At this point, the situation in the game looks pretty well decided; we're into yose, or endgame. What ends up happening, though, is a huge furikawari. White plays "a" and puts Black in atari. Rather than connecting at "c" and letting White destroy territory along the edge, Black allows a ko by playing "b." White takes the ko at "c" and Black makes his first threat at "d," threatening to capture five White stones. White ignores the threat and captures at e. Black must follow through on his threat (or else it wasn't a threat to begin with), so Black captures at f. White cuts at g, and the real fun begins. Let's look at how the board looks now:

   a b c d e f g h j k l m n o p q r s t 
19 . . . . o x x . . . . . . . . . . . . 19
18 o o . o . o x . . x . x . . x x o . . 18
17 x o . o . o x . . . x o . x . . o . . 17
16 x o o . . x x . x x o o . x o o . o . 16
15 x x o x . . . . x . x o o o x o . . . 15
14 . x x x . . . x . . . x o . x x x . . 14
13 . . . . c . . . x . x x o . . . o o . 13
12 . o o x b x . x . x . x o . o o o x . 12
11 . . . . o o x x . x . x o o x o x x . 11
10 . x x x x x o x . . x . x o x x x . . 10
09 . o o x o d o . o o x x x o o x x o . 09
08 . . o o o . o . o . o o x o x . . x o 08
07 . . . . . . . x x o . x o o x x x o . 07
06 . . x x x o o o o o . o . . x o o . . 06
05 . . . . o x x x x o x . . o x o . o . 05
04 . . . . o o x . x x . x . x o a o . . 04
03 . . . x x x o x x o x . x . x o . o . 03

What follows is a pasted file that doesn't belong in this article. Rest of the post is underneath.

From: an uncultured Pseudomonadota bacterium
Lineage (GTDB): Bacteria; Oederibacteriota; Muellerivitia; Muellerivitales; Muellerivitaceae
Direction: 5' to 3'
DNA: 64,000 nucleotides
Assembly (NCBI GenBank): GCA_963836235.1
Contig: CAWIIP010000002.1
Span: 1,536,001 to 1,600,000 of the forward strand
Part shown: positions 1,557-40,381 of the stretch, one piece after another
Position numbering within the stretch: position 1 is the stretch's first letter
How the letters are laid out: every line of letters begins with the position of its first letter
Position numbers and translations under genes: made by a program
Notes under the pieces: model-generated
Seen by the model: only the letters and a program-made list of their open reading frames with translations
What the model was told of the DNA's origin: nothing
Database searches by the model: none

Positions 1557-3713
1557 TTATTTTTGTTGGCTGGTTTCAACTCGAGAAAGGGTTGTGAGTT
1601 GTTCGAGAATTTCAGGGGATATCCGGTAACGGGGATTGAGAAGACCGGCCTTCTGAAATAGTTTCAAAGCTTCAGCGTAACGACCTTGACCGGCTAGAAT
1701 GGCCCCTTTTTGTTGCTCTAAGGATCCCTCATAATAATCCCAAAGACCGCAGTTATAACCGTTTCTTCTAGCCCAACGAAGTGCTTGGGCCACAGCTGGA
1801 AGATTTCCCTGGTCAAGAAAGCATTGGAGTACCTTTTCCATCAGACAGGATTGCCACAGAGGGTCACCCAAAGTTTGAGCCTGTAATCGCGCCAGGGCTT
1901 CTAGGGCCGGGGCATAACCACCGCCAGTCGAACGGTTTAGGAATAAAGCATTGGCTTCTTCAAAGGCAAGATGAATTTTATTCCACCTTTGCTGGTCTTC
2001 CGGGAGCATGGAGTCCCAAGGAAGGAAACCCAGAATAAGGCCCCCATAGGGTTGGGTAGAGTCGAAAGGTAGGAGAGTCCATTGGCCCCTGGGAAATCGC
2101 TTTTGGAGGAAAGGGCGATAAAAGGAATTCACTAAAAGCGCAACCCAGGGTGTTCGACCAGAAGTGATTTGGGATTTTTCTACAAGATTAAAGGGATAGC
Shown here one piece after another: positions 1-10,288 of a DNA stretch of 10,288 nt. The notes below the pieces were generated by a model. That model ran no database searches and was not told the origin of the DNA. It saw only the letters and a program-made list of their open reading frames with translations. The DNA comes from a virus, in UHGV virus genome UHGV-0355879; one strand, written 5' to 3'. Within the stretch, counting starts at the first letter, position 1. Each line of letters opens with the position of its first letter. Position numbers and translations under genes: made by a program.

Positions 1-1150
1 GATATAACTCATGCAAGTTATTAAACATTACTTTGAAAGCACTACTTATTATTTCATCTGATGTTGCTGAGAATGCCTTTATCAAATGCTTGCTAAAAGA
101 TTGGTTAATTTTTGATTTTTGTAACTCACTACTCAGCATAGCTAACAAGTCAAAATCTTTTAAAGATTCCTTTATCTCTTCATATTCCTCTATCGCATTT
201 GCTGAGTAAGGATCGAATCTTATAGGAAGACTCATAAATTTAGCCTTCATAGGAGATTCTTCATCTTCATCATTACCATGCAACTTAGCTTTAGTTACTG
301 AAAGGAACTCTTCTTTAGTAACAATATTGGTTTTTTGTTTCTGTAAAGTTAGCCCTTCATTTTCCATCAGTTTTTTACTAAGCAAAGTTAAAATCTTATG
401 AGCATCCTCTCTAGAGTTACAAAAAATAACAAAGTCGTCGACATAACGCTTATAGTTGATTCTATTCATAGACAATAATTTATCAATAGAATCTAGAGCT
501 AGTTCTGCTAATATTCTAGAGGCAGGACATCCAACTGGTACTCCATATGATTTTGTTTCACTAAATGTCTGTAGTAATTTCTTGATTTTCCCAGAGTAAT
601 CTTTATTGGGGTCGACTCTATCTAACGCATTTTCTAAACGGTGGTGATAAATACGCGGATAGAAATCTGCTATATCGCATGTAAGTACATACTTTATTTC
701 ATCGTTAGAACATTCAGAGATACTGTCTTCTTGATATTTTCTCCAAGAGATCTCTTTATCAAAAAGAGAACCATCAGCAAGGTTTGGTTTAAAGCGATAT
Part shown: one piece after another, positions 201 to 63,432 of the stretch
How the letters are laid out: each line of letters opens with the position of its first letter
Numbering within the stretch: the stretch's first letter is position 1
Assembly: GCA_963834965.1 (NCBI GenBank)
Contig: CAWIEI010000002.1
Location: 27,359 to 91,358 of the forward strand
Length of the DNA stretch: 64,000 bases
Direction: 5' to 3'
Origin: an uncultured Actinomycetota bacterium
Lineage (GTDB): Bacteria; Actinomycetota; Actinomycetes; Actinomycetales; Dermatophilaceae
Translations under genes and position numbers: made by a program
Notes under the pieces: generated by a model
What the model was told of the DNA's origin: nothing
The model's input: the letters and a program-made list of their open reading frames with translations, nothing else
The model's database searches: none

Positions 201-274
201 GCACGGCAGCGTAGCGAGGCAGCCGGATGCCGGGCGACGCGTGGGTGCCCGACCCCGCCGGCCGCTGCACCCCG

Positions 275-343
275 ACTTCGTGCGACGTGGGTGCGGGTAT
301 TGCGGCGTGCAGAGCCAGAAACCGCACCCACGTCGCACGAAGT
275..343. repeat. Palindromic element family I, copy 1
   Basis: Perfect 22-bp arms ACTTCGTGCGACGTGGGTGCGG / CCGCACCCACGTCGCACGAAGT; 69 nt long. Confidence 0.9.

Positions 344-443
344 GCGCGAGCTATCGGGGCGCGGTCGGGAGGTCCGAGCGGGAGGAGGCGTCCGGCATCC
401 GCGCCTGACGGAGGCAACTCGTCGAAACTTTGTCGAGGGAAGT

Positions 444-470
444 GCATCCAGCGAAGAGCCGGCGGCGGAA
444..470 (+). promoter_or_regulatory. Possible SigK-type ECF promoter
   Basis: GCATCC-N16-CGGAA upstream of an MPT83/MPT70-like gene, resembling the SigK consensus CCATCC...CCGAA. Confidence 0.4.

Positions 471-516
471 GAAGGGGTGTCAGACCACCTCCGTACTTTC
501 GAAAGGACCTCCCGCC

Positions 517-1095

02 . . . . . . o o o o o o o x . x o . . 02
01 . . . . . . . . . . . . . . . . . . . 01
   a b c d e f g h j k l m n o p q r s t 

Black has picked up five stones, but now there's a new ko at q4, and if Black loses it, all his stones on the right die, due to the White cut at o5. Black captures the ko at "a," and White threatens at "b." Black would lose a lot on the left side if he ignored this, so he answers at c. White recaptures the ko (at "a" again), and it's Black's turn to threaten. Black should actually begin with local threats, like o6 (threatening to capture the cutting stone, so he'd live if White filled the ko now), but he's not thinking properly, so he threatens elsewhere, at "d". White decides to ignore it and fills the ko. Black follows through his threat and finishes cutting at "e," killing the White stones on the left, in return for his on the right. Let's look at the board again, removing the dead stones (even though they aren't actually captured yet) so that it's easy to see where the new territory lines are:

   a b c d e f g h j k l m n o p q r s t
19 . . . . o x x . . . . . . . . . . . . 19
18 o o . o . o x . . x . x . . x x o . . 18
17 x o . o . o x . . . x o . x . . o . . 17
16 x o o . . x x . x x o o . x o o . o . 16
15 x x o x . . . . x . x o o o . o . . . 15
14 . x x x . . . x . . . x o . . . . . . 14
13 . . . . x . . . x . x x o . . . o o . 13
12 . . . x . x . x . x . x o . o o o . . 12
11 . . . . . . x x . x . x o o . o . . . 11
10 . x x x x x o x . . x . x o . . . . . 10
09 . . . x . x o . o o x x x o o . . o . 09
08 . . . . . x o . o . o o x o . . . . o 08
07 . . . . x o . . . o . x o o . . . o . 07
06 . . x x x o o o o o . o . o . o o . . 06
05 . . . . . x x x x o x . x o . o . o . 05
04 . . . . . . x . x x . x . x o o o . . 04
03 . . . x x x o x x o x . x . x o . o . 03
02 . . . . . . o o o o o o o x . x o . . 02
01 . . . . . . . . . . . . . . . . . . . 01
   a b c d e f g h j k l m n o p q r s t 

The whole right of the board is now White, and the whole left is Black. It should be clear that a massive exchange of territory has taken place. It will be left to the diligent reader to determine who this furikawari benefitted more (because I haven't calculated it myself), but for those interested, the result of the game was that Black (me) won by 8 points before komi.